Thank you NHS Blood & Transplant for inviting me to speak at your Recognition Ceremony on Friday, to all the fabulous blood and platelet donors receiving their awards for 100x blood donations & 250x platelet donations.
By addressing them, I feel as though I have been given an opportunity to try and at least go some way towards expressing my gratitude, and my wife Vicki’s gratitude & thanks to all the fantastic people who stepped up and provided for us, when we were in our time of need.
And I daresay that I am also speaking on behalf of all our family and loved ones, not to mention all the other patients out there who receive blood, and their families too – because, of course, the patient and the patient’s family don’t ever get to meet their benevolent & selfless blood & platelet donors.
So this opportunity is as close as we’re going to get to saying “thank you”.
And because the donors themselves don’t meet the patients to whom they donate blood, I hope those in the room yesterday found something in my daughter’s story that helps them relate to some of the desperate circumstances and situations that people find themselves in, when they need blood.
During the year following her diagnosis, Margot needed many regular red blood donations and platelet donations to keep her alive and clinically well. I can’t tell you exactly how many she needed, but it was a lot.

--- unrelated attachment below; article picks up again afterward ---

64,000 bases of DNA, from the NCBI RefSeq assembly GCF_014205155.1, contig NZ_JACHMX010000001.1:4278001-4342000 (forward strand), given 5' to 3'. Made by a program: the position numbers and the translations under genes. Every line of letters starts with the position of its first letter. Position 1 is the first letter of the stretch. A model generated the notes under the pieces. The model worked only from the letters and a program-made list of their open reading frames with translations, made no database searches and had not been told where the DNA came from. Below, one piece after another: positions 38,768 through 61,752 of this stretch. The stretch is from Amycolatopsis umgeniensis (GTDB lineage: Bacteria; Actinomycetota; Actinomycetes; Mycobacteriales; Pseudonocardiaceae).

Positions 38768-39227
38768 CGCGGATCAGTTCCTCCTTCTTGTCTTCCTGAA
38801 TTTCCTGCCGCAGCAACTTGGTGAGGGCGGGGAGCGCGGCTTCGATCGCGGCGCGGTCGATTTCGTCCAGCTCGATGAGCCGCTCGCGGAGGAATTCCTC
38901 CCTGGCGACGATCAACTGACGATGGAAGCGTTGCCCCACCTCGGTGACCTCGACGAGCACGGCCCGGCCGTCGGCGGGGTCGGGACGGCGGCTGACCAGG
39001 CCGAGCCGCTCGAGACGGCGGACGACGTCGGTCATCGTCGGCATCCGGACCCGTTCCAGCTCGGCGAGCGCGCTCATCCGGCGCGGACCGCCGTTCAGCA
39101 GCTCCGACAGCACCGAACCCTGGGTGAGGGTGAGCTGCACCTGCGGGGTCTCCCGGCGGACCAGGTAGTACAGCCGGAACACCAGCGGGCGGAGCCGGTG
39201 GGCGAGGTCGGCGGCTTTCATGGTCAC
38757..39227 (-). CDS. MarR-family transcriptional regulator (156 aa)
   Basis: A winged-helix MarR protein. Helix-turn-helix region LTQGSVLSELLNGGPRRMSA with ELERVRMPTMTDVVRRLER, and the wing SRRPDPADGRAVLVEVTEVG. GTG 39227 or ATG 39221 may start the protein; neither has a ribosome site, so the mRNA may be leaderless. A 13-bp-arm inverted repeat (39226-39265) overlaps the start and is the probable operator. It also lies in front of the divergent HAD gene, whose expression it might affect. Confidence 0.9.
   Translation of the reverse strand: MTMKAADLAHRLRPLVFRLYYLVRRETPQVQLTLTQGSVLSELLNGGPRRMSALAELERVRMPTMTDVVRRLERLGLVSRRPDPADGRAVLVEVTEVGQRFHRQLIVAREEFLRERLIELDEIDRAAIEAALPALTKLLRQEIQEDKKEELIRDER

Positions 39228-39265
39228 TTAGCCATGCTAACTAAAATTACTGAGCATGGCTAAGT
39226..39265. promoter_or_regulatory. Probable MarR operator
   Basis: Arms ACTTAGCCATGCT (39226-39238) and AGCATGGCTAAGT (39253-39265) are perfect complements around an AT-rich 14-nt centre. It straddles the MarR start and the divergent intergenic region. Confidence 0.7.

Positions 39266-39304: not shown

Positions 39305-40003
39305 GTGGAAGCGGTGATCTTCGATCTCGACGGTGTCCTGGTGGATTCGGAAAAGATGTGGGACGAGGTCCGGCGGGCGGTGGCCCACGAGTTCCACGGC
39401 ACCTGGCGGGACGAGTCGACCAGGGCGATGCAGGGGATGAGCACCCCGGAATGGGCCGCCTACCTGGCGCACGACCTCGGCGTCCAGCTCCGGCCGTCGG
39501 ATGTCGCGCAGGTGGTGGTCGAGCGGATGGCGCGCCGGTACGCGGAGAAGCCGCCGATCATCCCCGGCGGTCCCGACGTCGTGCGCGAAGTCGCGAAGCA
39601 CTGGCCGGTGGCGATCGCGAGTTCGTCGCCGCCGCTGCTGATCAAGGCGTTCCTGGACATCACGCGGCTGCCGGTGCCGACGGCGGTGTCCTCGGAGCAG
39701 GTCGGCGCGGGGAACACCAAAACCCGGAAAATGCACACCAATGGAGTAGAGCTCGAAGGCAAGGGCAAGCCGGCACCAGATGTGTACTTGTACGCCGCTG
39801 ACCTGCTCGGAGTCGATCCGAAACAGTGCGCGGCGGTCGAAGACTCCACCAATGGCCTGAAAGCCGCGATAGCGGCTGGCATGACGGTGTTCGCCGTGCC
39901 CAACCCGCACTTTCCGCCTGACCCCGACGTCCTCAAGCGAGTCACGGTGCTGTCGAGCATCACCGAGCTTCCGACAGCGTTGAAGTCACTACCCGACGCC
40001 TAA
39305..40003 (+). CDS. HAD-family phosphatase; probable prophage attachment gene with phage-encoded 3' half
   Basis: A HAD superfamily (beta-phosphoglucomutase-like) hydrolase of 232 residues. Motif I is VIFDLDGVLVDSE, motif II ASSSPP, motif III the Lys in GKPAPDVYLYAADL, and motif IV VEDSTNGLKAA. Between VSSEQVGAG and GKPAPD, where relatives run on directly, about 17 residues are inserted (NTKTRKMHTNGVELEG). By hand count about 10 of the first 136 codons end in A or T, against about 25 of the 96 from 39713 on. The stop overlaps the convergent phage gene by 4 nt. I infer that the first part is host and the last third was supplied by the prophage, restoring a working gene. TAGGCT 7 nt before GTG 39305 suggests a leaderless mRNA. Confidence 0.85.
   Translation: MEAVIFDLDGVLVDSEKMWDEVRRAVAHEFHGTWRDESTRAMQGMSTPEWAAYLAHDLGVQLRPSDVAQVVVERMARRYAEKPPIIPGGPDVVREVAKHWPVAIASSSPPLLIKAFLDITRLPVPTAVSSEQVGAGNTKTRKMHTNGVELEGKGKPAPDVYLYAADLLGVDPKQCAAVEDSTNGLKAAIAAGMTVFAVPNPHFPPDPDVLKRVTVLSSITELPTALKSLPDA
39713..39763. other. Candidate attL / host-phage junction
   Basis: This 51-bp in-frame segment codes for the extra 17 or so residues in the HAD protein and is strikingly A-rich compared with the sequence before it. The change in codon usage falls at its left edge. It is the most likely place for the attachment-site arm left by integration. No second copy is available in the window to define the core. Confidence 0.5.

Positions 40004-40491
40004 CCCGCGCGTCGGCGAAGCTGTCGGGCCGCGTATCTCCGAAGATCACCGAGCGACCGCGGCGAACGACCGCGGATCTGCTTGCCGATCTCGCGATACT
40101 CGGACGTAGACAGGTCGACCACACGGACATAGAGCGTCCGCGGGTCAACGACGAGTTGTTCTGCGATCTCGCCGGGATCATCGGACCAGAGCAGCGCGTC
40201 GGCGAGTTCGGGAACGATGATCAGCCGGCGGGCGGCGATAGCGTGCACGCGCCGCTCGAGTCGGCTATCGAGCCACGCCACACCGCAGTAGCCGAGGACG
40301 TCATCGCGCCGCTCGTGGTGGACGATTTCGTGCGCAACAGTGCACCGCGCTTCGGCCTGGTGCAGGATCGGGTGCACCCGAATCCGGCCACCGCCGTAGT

The reason why, in our case, we feel so unspeakably grateful to blood & platelet donors (and of course to Margot’s stem cell donor too), is that they helped give us the precious gift of time with our daughter and the gift of hope. Time and hope that we would never have enjoyed, were it not for their donations.
And during that time, Margot grew, she developed and she blossomed from being an infant, to a toddler and for 12 months longer than she might otherwise have, were it not for the benevolence & selflessness of donors.
So, on behalf of all patients & their families #THANKYOU to all the wonderful donors !
Together, saving lives
p.s. the beady-eyed amongst you will note that in one photo, Margot is receiving “Type O” Red Cells, yet in the other photo, she is receiving “Type A” platelets. This is because Margot’s blood was “Type O”, whereas her stem cell donor’s blood type was “Type A”. Consequently, post transplant she received “Type A” platelets !
The talks that I give always leave me reflecting on Margot’s experience post blood cancer diagnosis, and consequently I revisited my private blog & thought I’d share the following post and photographs, which was written on 5 October 2014, almost a year after Margot’s diagnosis and three weeks before she passed away.
“I can’t believe it’s been a year”
5 October 2014
10:27 and all well this morning.
We have had a slow ‘Sunday start’ and have been looking back at video footage over the last year (as I take the time to safeguard & back up footage) and Vicki remarks that she cannot believe how it’s been a year and moreover, when she tries to think of what else has happened over the last 12 months, it’s difficult to remember much else, other than how Margot’s illness has dominated our lives.
Here are a few random snaps over the course of the last 12 months…